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Charles Napier

Review: Supervixens

[Originally published in Movietone News 42, July 1975]

My experience of Russ Meyer films has been less than encyclopedic (Finders Keepers Lovers Weepers, Beyond the Valley of the Dolls, The Seven Minutes), so I can’t state authoritatively just what breakthroughs SuperVixens may represent in his oeuvre. Complete frontal nudity was not featured in the others I saw, and I believe the man himself has cited this as the first instance of male frontal nudity, at any rate. It’s still softcore, although back in the groove resolutely enough to warrant an X-rating (Richard Corliss opined in print that the MPAA had ruled The Seven Minutes R instead of PG so as not to embarrass Meyer before his old fans). And it’s still the most energetic sex filmmaking, qua filmmaking, around: 2,800 setups, Meyer told an SFS preview audience, and they do go blazing past, so frenetically, and some of them downright dynamically, that anybody with camera- and cutting-sense is going to have a hard—make that a difficult—time keeping his mind on the ostensible subject.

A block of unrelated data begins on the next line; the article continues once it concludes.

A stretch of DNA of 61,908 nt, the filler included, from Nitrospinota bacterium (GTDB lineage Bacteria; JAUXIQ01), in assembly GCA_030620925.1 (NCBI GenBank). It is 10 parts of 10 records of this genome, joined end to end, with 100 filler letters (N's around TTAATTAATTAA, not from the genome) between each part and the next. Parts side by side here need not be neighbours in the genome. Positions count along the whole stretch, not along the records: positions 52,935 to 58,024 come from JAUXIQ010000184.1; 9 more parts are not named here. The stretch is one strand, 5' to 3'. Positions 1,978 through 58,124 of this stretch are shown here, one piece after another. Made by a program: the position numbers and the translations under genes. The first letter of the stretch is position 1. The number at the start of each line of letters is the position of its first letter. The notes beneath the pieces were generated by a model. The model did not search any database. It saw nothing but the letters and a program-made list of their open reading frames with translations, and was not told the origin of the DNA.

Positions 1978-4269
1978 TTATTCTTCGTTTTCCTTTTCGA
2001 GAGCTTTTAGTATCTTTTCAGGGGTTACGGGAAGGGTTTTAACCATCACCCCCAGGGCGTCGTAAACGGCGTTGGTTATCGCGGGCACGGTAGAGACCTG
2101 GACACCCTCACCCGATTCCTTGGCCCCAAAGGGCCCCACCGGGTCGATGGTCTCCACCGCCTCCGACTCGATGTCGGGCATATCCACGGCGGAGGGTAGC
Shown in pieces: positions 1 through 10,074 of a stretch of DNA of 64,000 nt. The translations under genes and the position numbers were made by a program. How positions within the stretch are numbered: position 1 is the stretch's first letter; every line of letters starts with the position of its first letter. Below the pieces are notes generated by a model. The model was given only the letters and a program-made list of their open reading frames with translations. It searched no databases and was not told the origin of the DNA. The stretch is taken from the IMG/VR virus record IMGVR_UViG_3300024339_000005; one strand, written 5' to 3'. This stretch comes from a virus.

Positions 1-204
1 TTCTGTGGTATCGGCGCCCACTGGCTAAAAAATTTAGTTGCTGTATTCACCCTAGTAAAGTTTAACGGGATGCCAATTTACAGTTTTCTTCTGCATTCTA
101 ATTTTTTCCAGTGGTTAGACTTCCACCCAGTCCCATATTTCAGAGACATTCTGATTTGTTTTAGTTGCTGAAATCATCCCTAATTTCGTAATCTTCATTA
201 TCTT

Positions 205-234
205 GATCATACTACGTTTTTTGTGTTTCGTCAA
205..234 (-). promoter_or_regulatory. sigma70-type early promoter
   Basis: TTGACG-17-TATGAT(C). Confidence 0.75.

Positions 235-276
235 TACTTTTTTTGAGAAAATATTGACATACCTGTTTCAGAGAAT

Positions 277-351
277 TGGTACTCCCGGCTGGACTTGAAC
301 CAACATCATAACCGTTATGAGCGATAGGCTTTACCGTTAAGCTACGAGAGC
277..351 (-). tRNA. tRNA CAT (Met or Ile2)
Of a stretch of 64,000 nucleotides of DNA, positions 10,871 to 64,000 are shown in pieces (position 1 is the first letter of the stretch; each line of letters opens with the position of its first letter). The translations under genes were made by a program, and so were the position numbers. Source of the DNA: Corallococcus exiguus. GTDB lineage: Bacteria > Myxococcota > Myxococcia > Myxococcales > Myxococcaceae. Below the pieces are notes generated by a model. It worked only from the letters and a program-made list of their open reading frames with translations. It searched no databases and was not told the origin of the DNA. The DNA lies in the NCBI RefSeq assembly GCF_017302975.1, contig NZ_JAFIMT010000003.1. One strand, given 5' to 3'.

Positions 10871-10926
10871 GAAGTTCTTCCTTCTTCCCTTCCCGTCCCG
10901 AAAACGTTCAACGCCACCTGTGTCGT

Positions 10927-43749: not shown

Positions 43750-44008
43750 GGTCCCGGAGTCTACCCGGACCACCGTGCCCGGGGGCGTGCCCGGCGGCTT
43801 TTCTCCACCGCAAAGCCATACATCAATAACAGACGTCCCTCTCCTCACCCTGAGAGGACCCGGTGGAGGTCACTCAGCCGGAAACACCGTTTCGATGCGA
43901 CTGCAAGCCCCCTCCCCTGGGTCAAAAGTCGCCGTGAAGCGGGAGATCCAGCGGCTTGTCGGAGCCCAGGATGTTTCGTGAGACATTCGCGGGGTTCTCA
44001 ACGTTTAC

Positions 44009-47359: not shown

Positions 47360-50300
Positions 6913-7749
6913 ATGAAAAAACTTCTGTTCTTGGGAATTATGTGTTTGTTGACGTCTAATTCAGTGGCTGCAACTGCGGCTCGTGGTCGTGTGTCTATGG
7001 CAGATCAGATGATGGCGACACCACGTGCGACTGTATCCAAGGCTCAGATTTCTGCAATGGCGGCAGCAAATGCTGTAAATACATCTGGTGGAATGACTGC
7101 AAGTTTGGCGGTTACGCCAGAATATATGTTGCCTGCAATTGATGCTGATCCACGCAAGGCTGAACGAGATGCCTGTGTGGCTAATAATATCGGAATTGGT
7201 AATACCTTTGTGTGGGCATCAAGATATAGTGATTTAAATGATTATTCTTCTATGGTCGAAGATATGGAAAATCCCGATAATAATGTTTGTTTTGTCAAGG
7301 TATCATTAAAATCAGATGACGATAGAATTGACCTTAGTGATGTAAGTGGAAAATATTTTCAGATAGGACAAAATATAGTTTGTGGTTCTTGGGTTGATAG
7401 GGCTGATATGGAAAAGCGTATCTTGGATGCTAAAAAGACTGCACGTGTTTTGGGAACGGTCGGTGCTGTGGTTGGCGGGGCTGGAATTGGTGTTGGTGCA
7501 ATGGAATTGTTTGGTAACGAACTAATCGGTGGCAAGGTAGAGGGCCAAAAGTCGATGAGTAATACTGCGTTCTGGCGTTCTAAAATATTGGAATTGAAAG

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Review: Thunder and Lightning

[Originally published in Movietone News 58-59, August 1978]

Corey Allen is best remembered as the Nick Ray actor whose sleeve got hung up on a car door handle during the chickie run in Rebel without a Cause. Last year he directed a Roger Corman programmer about moonshiners and badder cats in the B-movie South where cheerful corruption is about as plentiful and as conspicuous as sweat on a fat red neck. It was called Thunder and Lightning and, to the best of my knowledge, it never saw service in the greater Seattle area until this summer, when it was laid on as second feature to another 20th Century–Fox release with revving engines in it, The Driver. I trust no one will be overprimed with anticipation if I suggest that Thunder and Lightning is probably the most slaphappily endearing low comedy since Russ Meyer’s The Seven Minutes; on the other hand, other self-flattering slummers like me who can handle that sort of endorsement are advised to file the title away and take note of it if and when it fills out another double bill in the future.

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